Shandur Polo: Fiesty & Traditional
The atmosphere is electric as the teams of Chitral and Gilgit battle it out at the world's highest polo ground
Polo is the passion of the northern areas, where many believe, the game was invented. Gilgit is home to a plaque bearing the famous inscription: “Let other people play at other things, the King of Games is still the Game of Kings.”
When people are passionate about something, they let their emotions get the best of them and that’s exactly what happens in freestyle polo that is played between the teams of Chitral District and the districts of Gilgit-Baltistan: the only rule they seem to have is having no rules at all. That’s why, more often than not, teams break out in fights and the police have to intervene.
Held at 3,700 meters above sea level, Shandur Polo happens to be the highest polo ground in the world. It’s even 1,844 meters higher than the snow polo ground of St Moritz. For the natives, it’s not just a series of polo matches that are accommodated between July 7-9, it’s a whole festival with folk music, dancing, and camping, and it’s a big deal for the locals.
As spectacular as it is, it has its limitations as well. Being played at such a high altitude, the shortage of oxygen causes difficulty in breathing. This necessitates the players and the horses to train rigorously and procure extraordinary skills and tactics for the game. The harshness of the ground and weather pose a big hurdle to the players and horses, so they both need to prepare for the tough task.
Chitral, Gilgit-Baltistan, and Skardu have always played the game of polo most imminent to its original form. The thing about freestyle polo is there are no rules, there’s no referee, nobody wears any type of protective headgear or a helmet, the only goal of the game is to get the ball across the goal post, that’s what makes it so beautiful but that’s also what makes it probably the most dangerous sport one will ever see, even more, dangerous than rugby or American football. Each team starts off with six members with 2-4 reserve players in case someone faces an injury. The duration of the match is usually an hour which is split into two halves, with 10 minutes interim. In case a player or a horse of a six-member team falls and gets injured, the same number of players and horses of the rival team get off the field as well.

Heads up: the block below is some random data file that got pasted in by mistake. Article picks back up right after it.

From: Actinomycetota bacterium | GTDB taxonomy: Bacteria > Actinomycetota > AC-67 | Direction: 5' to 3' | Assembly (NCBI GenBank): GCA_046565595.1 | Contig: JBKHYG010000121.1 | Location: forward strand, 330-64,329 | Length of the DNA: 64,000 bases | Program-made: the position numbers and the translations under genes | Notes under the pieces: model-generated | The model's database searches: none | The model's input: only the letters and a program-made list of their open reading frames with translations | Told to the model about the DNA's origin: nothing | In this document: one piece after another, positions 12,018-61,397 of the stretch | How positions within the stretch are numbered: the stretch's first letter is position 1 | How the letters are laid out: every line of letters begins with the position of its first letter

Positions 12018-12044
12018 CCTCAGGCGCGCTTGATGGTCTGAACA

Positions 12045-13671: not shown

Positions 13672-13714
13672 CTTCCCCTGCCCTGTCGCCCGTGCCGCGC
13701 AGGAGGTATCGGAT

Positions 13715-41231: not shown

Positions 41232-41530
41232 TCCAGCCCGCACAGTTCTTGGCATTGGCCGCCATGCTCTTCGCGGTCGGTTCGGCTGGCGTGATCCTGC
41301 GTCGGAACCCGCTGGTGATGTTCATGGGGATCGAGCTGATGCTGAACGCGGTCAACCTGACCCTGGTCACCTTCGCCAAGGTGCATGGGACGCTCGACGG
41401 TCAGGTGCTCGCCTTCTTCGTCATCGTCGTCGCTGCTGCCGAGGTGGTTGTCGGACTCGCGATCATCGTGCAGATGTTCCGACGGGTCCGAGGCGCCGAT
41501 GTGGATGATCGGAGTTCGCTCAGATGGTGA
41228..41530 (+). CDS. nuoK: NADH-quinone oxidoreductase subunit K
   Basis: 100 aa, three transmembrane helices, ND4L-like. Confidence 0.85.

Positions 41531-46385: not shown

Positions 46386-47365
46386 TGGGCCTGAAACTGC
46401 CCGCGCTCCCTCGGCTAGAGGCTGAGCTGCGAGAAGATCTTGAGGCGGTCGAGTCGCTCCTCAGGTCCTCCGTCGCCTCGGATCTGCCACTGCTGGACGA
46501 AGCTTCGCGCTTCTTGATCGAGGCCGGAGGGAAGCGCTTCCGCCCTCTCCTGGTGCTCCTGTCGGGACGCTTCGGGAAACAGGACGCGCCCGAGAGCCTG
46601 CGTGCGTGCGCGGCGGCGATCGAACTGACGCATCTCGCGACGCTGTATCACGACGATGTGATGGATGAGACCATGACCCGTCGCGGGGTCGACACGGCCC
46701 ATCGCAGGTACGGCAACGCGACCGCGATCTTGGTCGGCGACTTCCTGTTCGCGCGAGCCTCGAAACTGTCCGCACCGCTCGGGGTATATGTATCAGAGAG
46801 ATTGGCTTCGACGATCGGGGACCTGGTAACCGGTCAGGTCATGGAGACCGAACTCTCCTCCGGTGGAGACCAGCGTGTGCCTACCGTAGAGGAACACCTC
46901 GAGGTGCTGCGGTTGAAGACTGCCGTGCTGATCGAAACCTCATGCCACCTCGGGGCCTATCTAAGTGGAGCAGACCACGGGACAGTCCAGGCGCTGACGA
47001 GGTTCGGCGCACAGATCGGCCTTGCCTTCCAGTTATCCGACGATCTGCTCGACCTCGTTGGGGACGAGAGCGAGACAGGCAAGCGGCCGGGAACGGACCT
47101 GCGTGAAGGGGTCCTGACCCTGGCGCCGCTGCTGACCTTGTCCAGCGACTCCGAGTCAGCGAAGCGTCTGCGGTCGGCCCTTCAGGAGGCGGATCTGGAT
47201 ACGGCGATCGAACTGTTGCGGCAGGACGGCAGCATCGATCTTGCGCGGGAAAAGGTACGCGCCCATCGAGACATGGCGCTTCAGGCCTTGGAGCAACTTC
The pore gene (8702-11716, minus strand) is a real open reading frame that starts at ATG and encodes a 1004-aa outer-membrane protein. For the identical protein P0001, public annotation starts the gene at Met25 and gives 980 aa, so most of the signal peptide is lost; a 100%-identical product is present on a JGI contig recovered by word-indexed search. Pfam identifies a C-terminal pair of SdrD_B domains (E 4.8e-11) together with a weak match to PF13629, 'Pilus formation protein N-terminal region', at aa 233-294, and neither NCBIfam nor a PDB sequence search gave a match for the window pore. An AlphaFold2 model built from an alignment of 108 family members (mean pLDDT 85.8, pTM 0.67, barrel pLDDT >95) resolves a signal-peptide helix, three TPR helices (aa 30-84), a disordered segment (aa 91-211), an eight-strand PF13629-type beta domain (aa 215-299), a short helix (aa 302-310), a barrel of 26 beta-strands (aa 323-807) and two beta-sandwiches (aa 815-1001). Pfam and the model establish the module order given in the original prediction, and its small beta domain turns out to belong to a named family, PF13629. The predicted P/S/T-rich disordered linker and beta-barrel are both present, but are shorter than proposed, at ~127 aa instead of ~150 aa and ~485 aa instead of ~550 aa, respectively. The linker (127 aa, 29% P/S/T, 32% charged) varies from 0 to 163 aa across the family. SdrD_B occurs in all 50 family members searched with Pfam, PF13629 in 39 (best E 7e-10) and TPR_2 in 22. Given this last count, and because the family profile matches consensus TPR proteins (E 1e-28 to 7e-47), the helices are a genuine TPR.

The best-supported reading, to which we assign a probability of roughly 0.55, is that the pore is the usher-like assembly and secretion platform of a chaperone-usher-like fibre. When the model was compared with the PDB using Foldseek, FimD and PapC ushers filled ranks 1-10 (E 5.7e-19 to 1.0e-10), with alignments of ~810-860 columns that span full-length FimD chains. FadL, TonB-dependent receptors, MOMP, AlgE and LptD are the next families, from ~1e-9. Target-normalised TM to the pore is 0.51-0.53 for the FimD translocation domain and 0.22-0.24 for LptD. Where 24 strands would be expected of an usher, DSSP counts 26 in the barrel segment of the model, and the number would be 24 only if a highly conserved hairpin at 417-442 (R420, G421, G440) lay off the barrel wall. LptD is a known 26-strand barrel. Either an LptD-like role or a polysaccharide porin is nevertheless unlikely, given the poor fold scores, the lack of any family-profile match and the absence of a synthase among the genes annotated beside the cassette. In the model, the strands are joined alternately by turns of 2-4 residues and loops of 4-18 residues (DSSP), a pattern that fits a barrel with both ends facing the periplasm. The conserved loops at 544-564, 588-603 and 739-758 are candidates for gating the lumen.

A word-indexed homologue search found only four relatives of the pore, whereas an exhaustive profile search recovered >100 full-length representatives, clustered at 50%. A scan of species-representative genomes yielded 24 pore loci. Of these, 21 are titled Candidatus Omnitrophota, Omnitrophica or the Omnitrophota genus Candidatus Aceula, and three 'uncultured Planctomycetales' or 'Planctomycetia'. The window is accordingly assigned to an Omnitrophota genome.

The polo players took the term freestyle quite literally and some laws were introduced to diminish the number of fights. They made striking a competitor in the face and hacking the competitor’s horse's legs illegal, said judge, Yaqub Masroof. “But only, if it is intentional.’’
The Shandur Polo Festival has now taken a cultural form. The festival has become a quintessential part of the local customs. The game fills all the spectators with immense excitement and they are eager for the arch-nemesis teams of Chitral and Gilgit-Baltistan to go play against each other, it’s almost the same response that people have during India v/s Pakistan cricket match. The local people of Chitral and Gilgit-Baltistan are on the top of the world (metaphorically and literally) while watching the players of their respective teams play against each other on the top of the peak in Shandur.
Locals from Chitral, Gilgit-Baltistan, and Skardu aren’t the only people that throng to the Shandur polo ground to experience the spectacular matches; an overwhelming number of domestic as well as foreign tourists visit the grounds to feel the thrill for themselves. Locals boost the morale and showcase their support for their respective teams by paying tributes in the form of poems and folk songs and wishes for their favourite team’s victory in the contest. In the case of non-participation of any team, the spirit of the whole festival is affected severely, and an awful amount of locals don’t show up at the festival, just because their team is laying off for this season.